Health and Healthcare Systems

Bird flu spread a ‘great concern’, plus other top health stories

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Chickens are seen as an Egyptian veterinarian administers an avian flu vaccination.

A recent bird flu outbreak has seen the virus spread from poultry to other animals. Image: REUTERS/Amr Abdallah Dalsh

Shyam Bishen
Head, Centre for Health and Healthcare; Member of the Executive Committee, World Economic Forum
  • This global round-up brings you health stories from the past fortnight.
  • Top health news: WHO warns on bird flu risk; health-harming heat stress rising in Europe; AI model ‘almost matches experts’ in assessing eye conditions.

1. Spread of bird flu infections a ‘significant public health concern’: WHO

Senior United Nations scientists have called the ongoing global spread of bird flu infections to mammals, including humans, a “significant public health concern”.

Dr Jeremy Farrar, Chief Scientist at the World Health Organization (WHO), the UN’s health agency, said the spread of the avian influenza virus – also known as H5N1 – has had an “extremely high” mortality rate among the several hundred people known to have been infected to date.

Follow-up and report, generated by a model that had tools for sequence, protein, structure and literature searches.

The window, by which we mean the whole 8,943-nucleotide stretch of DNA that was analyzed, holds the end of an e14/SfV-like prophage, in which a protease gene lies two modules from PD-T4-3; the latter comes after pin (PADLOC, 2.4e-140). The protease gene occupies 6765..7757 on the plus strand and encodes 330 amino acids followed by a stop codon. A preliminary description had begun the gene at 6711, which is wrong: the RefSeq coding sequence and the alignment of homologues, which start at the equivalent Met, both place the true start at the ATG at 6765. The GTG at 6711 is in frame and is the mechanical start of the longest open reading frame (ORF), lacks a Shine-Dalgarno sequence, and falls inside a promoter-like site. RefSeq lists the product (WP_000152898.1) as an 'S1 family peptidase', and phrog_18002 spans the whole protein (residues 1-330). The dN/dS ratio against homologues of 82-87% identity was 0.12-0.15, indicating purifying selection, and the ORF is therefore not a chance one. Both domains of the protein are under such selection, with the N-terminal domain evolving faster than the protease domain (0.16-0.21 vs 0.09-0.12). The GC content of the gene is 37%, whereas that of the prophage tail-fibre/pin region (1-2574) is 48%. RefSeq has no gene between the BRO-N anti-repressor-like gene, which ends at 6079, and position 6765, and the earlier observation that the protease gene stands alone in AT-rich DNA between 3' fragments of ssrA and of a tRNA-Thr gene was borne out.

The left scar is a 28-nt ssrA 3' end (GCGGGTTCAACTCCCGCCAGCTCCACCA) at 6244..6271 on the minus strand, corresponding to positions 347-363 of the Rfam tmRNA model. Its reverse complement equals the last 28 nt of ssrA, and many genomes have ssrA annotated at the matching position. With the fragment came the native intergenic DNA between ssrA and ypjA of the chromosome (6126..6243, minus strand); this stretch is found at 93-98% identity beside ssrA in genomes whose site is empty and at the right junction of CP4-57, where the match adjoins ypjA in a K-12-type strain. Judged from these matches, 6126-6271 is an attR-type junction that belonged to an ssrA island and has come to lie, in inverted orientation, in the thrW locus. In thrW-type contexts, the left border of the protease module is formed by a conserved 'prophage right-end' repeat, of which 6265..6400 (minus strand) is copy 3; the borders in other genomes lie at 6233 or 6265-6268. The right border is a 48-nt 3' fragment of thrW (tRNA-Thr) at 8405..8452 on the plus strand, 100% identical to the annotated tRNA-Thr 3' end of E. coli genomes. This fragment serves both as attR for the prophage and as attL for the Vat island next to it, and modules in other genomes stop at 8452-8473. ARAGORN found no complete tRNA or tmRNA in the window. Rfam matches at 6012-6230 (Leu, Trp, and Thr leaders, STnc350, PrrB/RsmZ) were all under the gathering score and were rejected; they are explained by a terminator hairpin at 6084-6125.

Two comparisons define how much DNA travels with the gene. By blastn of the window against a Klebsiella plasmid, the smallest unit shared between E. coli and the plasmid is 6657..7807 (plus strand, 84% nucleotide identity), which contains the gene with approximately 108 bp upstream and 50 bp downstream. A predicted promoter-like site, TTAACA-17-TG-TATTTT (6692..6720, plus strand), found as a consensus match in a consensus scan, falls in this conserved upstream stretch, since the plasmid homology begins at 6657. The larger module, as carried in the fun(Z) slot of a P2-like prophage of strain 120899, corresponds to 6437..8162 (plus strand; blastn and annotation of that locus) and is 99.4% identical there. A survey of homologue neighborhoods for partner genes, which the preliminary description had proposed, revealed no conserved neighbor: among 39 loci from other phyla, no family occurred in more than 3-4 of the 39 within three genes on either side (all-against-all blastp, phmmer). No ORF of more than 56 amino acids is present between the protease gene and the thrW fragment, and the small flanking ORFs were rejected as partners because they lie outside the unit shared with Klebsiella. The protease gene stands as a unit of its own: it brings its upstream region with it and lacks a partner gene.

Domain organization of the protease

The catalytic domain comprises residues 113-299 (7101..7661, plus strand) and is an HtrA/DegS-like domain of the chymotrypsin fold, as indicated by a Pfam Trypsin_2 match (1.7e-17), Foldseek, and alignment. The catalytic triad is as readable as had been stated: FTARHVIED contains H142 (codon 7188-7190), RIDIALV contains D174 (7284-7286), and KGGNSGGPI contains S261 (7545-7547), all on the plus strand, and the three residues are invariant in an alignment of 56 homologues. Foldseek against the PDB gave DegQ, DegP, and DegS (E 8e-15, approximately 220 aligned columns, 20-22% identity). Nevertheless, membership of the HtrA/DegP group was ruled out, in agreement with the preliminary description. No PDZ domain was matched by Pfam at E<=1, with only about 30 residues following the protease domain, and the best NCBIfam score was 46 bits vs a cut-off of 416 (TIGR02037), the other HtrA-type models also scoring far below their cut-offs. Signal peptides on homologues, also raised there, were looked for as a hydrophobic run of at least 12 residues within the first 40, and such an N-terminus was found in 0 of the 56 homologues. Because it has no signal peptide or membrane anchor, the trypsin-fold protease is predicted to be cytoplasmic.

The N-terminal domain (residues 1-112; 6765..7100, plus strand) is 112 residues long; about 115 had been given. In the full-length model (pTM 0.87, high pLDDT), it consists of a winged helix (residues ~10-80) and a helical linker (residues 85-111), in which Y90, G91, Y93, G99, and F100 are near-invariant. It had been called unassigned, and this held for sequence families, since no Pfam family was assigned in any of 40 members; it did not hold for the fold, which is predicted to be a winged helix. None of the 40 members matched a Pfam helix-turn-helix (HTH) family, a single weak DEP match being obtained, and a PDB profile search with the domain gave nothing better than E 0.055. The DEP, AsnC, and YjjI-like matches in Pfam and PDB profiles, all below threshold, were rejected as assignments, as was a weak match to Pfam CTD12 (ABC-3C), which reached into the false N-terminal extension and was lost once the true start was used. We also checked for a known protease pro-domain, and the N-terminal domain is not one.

He said that over the past few years, H5N1 has spread from poultry and ducks to other animals, such as dairy cows in the US, to become a global zoonotic pandemic.

No human-to-human bird flu infection has yet been recorded, and bodies including the US Centers for Disease Control and Prevention (CDC) and the UK Health Security Agency have said the risk to the public remains low. But the virus evolving to be able to spread from human to human is “a great concern”, Farrar said. He called for monitoring and investigation by health authorities into how transmission may evolve.

We have to “make sure that if H5N1 did come across to humans with human-to-human transmission, that we were in a position to immediately respond with access equitably to vaccines, therapeutics and diagnostics,” he said.

2. Heat and health make headlines across the globe

As the climate crisis leads to longer, hotter and more frequent bouts of extreme heat, the effect on health is making headlines worldwide.